A hundred years ago next Tuesday, Australian soldiers launched their first major attack in France, a disastrous action which left almost 2000 dead for no gains whatsoever.
This was the Battle of Fromelles, now regarded as the worst day of Australian military history.
From the evening of July 19, 1916 Australian troops attacked German lines, held a small section overnight and were expelled, with casualties of 5533, including 1917 dead and 470 prisoners.
For some people today, the connection is more immediate – it was their DNA which has allowed identification of 150 Australian soldiers whose bodies were found in mass graves on the Fromelles battlefield in 2008. Another 100, mostly Australians but some British, remain unidentified.
Fromelles will be marked by significant commemorations.
In France, a service for re-dedication of headstones of the recently identified will be held at the Pheasant Wood Military Cemetery at 1pm (France time) on July 19.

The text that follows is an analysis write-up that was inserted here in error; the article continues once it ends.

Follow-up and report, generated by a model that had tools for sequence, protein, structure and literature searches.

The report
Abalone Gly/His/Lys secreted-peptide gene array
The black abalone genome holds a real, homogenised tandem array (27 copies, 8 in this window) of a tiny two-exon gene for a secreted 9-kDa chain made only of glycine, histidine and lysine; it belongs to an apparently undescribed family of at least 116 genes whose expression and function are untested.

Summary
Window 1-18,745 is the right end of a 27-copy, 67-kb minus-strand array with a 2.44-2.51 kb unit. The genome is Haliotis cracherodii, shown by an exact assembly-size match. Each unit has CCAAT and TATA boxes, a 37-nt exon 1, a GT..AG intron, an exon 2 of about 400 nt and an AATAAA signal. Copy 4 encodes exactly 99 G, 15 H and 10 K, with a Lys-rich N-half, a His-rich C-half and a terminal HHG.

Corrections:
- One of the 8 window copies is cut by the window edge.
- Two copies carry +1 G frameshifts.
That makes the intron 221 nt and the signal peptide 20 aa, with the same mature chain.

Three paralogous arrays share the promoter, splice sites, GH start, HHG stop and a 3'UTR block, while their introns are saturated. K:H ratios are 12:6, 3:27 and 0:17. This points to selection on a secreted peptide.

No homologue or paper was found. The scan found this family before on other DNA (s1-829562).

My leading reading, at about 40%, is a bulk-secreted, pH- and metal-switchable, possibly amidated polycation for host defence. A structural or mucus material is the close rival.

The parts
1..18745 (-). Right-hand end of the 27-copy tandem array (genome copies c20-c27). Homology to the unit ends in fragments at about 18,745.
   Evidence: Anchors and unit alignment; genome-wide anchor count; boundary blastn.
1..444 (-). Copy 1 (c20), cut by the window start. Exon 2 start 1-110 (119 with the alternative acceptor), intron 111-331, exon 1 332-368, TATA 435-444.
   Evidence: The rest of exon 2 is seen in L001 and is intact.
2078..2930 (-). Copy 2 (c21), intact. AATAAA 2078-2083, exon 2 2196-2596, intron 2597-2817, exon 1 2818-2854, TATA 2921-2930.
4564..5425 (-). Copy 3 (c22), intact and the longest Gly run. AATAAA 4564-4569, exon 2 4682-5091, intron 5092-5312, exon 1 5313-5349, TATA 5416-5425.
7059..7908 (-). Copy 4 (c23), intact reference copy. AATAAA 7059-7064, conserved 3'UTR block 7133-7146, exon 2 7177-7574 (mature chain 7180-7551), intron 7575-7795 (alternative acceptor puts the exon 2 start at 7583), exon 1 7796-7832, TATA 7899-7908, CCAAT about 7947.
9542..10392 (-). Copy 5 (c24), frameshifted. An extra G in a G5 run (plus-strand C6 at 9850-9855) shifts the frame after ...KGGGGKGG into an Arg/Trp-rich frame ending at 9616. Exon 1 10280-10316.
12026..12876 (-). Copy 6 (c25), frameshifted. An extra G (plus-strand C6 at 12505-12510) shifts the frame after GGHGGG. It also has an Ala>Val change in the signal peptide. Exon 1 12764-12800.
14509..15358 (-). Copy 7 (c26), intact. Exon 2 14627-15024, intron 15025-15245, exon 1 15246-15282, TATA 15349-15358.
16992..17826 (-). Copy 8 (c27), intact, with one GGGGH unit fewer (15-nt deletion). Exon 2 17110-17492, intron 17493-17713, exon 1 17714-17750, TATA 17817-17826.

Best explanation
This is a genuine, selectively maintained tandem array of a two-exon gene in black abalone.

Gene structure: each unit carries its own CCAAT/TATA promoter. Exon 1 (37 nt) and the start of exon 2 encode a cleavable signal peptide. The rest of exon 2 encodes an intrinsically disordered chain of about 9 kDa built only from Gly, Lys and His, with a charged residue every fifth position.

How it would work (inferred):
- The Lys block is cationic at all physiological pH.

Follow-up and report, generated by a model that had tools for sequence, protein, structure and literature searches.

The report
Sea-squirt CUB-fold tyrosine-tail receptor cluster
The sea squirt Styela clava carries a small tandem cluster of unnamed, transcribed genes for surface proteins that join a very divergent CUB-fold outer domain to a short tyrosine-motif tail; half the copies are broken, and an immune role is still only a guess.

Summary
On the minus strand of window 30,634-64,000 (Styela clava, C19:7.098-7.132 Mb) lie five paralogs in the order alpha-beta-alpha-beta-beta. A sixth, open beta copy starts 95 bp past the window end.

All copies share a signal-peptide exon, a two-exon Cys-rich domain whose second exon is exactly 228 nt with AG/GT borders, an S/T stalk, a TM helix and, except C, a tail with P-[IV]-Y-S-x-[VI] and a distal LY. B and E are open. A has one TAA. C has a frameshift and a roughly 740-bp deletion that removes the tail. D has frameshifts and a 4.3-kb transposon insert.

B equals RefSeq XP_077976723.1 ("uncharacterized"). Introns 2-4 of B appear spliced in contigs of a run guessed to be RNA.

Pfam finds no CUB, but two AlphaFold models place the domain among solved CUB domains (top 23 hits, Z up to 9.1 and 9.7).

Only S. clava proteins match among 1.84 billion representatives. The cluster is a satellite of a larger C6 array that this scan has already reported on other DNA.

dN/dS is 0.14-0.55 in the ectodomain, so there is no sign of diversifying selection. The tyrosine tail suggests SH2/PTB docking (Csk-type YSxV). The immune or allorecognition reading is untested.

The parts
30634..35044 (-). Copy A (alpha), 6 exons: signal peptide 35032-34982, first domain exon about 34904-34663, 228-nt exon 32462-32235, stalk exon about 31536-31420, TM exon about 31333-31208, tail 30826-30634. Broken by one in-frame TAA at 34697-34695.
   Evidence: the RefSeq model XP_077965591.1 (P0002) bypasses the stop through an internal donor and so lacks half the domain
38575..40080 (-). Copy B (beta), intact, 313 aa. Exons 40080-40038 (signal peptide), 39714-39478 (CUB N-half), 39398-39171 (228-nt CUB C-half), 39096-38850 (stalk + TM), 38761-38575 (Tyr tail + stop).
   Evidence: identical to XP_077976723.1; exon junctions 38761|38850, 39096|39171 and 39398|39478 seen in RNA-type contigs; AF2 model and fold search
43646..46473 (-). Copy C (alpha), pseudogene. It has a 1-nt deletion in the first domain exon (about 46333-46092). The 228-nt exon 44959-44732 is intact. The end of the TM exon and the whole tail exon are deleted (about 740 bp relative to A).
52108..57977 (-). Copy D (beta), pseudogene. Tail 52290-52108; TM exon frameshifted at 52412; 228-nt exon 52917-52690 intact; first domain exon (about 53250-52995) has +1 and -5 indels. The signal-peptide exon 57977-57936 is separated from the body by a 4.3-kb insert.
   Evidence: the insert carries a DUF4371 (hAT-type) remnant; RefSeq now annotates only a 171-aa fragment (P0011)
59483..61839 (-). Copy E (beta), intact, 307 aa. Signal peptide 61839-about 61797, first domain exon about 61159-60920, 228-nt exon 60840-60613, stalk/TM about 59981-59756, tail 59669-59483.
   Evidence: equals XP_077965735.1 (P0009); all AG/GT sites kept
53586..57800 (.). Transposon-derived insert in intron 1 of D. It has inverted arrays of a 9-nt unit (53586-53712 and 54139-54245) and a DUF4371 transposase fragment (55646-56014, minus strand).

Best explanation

That’s followed by the main national commemorative service at 5.15pm (France time) at the VC Corner Cemetery and Memorial where more than 400 Australians killed in this battle are interred.
Services will be broadcast live on the ABC.
The Australian War Memorial will mark this tragic initiation to war on the Western Front at the Last Post Ceremony on July 19.
That will recall the lives of Privates David and Colin Barr, brothers from Melbourne who enlisted together, joined the AIF’s 60th Battalion and participated in the Battle of Fromelles.
David Barr, 25, was hit and died in no-man’s land, his body never recovered. Colin Barr, 19, was struck by a shell fragment and died in hospital in England more than a month later.
Of more than 800 men in the 61st Battalion at the start of the battle, just four officers and 61 soldiers were present at the subsequent roll call.